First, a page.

Eleven Questions to Ask Yourself Before Getting a New Kitten or Cat

Knoji reviews products and up-and-coming brands we think you'll love. In certain cases, we may receive a commission from brands mentioned in our guides. Learn more.
Help for a person who is thinking about getting a cat or kitten but is not sure if they are ready. Will you make a good owner for a cat or kitten? What do I need to know before getting a cat? Should I get a cat? Should I get a kitten? How to know if

Kittens are cute and easy to come by, however many people will rush into cat ownership only to regret it later, usually when the cat has grown up and is no longer “cute”. This link is an attempt to help people decide if they are truly ready to enter the world of cat ownership.

1.  Are you 18 or older? In most countries, most ethical sellers will not sell kittens or cats to anyone under the age of 18. Sure, you can ask your mom or dad to get the cat, but then technically they are the true owner. Considerations as to what will happen to the cat when you move out must be made. It is very difficult to find rental property that allows pets.

2.  Do you own, or rent, your home? As just mentioned, very few landlords allow cats. Landlord permission to keep a cat should be in writing. One of the most common reasons pets are given up to animal shelters is because people did not get landlord permission to have a pet.

3.  Will the cat be indoors, outdoors, or both? Some areas have laws restricting a cat to remain on its owners property. Care should be taken to keep a cat on one's property even where these laws do not exist as cat haters are well known to exist and will torture, kill, or dispose of, cats who make themselves a nuisance.  As a general rule indoor-only cats live longer lives.

4.  Will the cat be declawed?  Claws are a natural part of being a cat; removing them is like removing part of your finger.  It is considered cruel in many countties and is illegal in some.  There are many behavioral problems seen as side effects from declawing, including failure to use the litter box.

5.  Do you have young children? The main concern with young children is, will they be gentle to the cat or kitten? Youngsters excited about holding a kitten can hurt it, and those who do not let go in time will be scratched and may lash out at the cat to punish it. Young children and cats must be watched. Also, while it is a myth that cats will try to suffocate babies, they do like to lay in the crib with them, so keeping the door shut should be an option.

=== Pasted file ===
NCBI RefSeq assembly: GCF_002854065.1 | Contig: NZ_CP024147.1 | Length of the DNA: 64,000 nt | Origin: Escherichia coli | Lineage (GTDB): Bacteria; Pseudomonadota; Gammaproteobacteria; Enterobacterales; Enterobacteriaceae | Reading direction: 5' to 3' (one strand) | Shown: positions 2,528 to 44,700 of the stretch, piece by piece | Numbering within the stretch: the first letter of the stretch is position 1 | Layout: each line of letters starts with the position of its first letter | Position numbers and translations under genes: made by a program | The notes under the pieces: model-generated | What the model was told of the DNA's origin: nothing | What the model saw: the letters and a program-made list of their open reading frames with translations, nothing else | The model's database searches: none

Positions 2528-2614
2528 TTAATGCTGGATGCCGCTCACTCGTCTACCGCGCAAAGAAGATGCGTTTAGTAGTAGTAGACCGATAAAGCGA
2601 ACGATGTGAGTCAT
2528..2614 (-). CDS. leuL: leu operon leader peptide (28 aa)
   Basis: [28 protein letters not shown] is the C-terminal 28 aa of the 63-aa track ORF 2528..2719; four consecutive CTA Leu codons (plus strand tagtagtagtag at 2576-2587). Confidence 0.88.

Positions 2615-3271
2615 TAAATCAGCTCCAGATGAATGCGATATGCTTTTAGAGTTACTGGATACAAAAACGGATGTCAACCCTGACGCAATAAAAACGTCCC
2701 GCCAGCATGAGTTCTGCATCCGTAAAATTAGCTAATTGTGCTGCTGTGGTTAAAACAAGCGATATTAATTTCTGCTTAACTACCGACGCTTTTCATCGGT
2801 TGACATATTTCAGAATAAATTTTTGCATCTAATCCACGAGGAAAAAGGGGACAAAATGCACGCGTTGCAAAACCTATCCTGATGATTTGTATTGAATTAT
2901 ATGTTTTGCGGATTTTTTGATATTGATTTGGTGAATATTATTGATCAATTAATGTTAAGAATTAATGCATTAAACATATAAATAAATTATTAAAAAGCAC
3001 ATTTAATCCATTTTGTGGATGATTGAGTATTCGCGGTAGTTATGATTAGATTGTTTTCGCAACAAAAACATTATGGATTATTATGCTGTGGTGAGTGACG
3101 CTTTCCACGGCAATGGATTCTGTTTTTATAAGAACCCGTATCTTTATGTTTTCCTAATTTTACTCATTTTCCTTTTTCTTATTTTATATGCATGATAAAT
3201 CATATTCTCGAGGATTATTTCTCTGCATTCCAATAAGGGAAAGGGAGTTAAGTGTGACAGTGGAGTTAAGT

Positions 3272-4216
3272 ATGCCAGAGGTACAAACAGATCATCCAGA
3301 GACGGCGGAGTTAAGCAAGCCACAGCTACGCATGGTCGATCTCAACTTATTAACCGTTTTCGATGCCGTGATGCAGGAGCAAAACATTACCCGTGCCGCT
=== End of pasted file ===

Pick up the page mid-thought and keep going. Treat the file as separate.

6.  Are you stable? A person who is about to move in a few months or planning a holiday, might want to put off getting a cat for a while until things have settled.

7.  Do you have a place for the litter box? Many people deal with this after getting the cat, moving the box from place to place until they find a final spot for it, but this may confuse the cat. Litter boxes should be put someplace quiet, not next to a noisy laundry machine, and should be easy for a cat to find.

8.  Why do you want a cat? A pet is a lifetime commitment. Getting one should not be taken lightly. “Because it's cute” is not a reason for getting a kitten or cat. One of the biggest reasons cats are surrendered is because people got them on a whim and did not fully think out the “lifetime commitment” part of the arrangement.

9.  Can you afford a cat? Not just the purchase price, but food, and veterinarian expenses (vaccination, worming, and spaying or neutering). What about emergency expenses? A person living pay check to pay check may find it hard to provide all the care their new cat requires.

10.  Is everyone in the home in agreement? Pets should never be surprises. If one family member strongly disagrees, is fearful, or has allergies, getting a cat will jeopardize family harmony. Even other pets should be considered. Some dog breeds have strong hunting instincts and cats should not be brought into these kinds of risky situations..

11.  Where will you get the cat? Cats and kittens are fairly easy to come by. There are usually “Free to Good Home” ads in the newspaper at any given time. However, it may be less costly to adopt a cat who has had all the medical work done to it, than to get a kitten who has never seen a veterinarian (and may have all kinds of problems). Stores and breeders also sell kittens, but it is easy to pay too much; be sure when buying a purebred that the parents have been to shows, earned championship titles, to prove their worth as breeding animals. Never pay a cent for a cat who has not seen a veterinarian and been vaccinated.

Remember, getting a cat is not the same as getting a new pair of shoes. This is a life, one that will be affected by everything you do. If you rush into ownership and later have regrets, that cat is now considered (by some) as "damaged goods" and will have a hard time finding a new home. In some shelters cats over 1 year of age have only a 10% chance of finding a new home. By entering into the world of cat ownership responsibly one can hope to have a happy ending.

Other Kitty Links

Should Cats be Allowed Outdoors?

Good News for Cat Lovers with Allergies

Guide for Buying a Purebred Cat

0 comments